9.1 Structured Data Revisited

Recall the discussion of section 1.6.3 on the subject of whether data was of a kind that could be decomposed into simpler parts.

Data items that are normally handled as indivisible whole items are called atomic or unstructured.

Examples of Modula-2 types that model unstructured data include INTEGER, CARDINAL, CHAR, BOOLEAN, all enumerated types, all subranges of any of these, and the types REAL and LONGREAL. While it would be possible to decompose, say, a real number into significant figures on the one hand and an exponent on the other, or even into individual digits, neither of these decompositions would serve much useful purpose in most problems. It is more practical to think of items of these types as entire entities, and to manipulate them as such. To this point in the text, almost all data has been atomic in nature. In real life, on the other hand, things may be much more complex.

A data type is called structured if its elements are not atomic, but have component parts.

There are three common types of structured data: arrays, sets, and records.

An array is a collection of data of the same type, organized in an ordered fashion by an indexing scheme. For instance, in an array A of three real numbers numbered a1, a2 , and a3, the structured entity is the entire array A, and the individual real numbers are its atomic components. For more details on arrays and their representation in the Modula-2 notation, see chapter 5.

A set is a structured, but unorganized collection of data without any indexing scheme at all. In the set {1, 2, 3, 4, 5} the structured entity is the entire set, and the individual items in the set are the atoms. An item is either an element of a given set or it is not. The first part of this chapter will examine sets in detail, and show how they are represented and manipulated in Modula-2.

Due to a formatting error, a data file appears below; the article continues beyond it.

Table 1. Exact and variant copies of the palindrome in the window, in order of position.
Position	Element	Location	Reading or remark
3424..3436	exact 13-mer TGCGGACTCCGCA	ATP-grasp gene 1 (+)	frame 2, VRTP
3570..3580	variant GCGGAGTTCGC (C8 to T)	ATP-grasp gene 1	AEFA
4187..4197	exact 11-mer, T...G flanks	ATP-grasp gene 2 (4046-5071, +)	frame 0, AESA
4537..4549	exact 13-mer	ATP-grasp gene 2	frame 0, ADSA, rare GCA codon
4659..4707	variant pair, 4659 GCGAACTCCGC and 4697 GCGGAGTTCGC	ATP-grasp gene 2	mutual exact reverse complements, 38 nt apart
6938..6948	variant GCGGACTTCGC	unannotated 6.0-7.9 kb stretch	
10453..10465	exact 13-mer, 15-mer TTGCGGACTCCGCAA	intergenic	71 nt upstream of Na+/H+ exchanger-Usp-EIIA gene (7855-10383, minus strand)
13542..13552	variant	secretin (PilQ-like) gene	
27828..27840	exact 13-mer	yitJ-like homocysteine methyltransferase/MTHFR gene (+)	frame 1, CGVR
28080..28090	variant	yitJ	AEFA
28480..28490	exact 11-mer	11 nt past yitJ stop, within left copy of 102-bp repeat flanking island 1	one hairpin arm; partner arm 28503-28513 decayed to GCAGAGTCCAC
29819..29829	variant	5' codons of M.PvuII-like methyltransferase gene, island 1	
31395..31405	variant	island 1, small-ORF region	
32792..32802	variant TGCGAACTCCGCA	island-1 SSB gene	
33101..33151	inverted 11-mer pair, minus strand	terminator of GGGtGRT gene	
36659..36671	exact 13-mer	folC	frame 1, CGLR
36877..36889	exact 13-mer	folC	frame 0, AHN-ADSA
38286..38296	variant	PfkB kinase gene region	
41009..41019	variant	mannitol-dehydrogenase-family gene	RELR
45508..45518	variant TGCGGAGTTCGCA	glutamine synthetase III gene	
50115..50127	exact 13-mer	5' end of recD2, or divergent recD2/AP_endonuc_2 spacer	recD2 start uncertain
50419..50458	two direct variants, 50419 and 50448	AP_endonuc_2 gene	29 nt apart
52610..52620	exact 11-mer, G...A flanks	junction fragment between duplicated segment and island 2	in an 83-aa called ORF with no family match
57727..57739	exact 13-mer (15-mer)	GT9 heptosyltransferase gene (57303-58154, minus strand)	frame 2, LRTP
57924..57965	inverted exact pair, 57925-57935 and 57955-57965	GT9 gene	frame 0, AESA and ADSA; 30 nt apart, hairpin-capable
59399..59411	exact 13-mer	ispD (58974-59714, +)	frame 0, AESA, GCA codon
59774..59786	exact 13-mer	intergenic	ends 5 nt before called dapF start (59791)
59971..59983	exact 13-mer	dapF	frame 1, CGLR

Next, consider the problem of a college that must keep student and personnel records, or that of a business that must store its customer accounts data. In both cases, a real-life person could be abstracted or modeled for computational purposes by a record consisting of a name, an address, phone number, student or account number, marks or balance owing, and so on.

One needs to be able to collect this information into an identifiable personal record, but cannot use an array for the enclosing structure because the component data is of different types--some parts are numbers, some are strings, and some such as marital status or sex could perhaps be represented as booleans.

At one time, one might have done this by making a small file card for each person or account, and kept the whole lot in shoe boxes on the back shelf of an office. Each card contains a structured representation of one personal record. The atoms of a record are the values on each line of the card. The second part of this chapter will examine the record type in more detail, and show how to represent and manipulate them in Modula-2.

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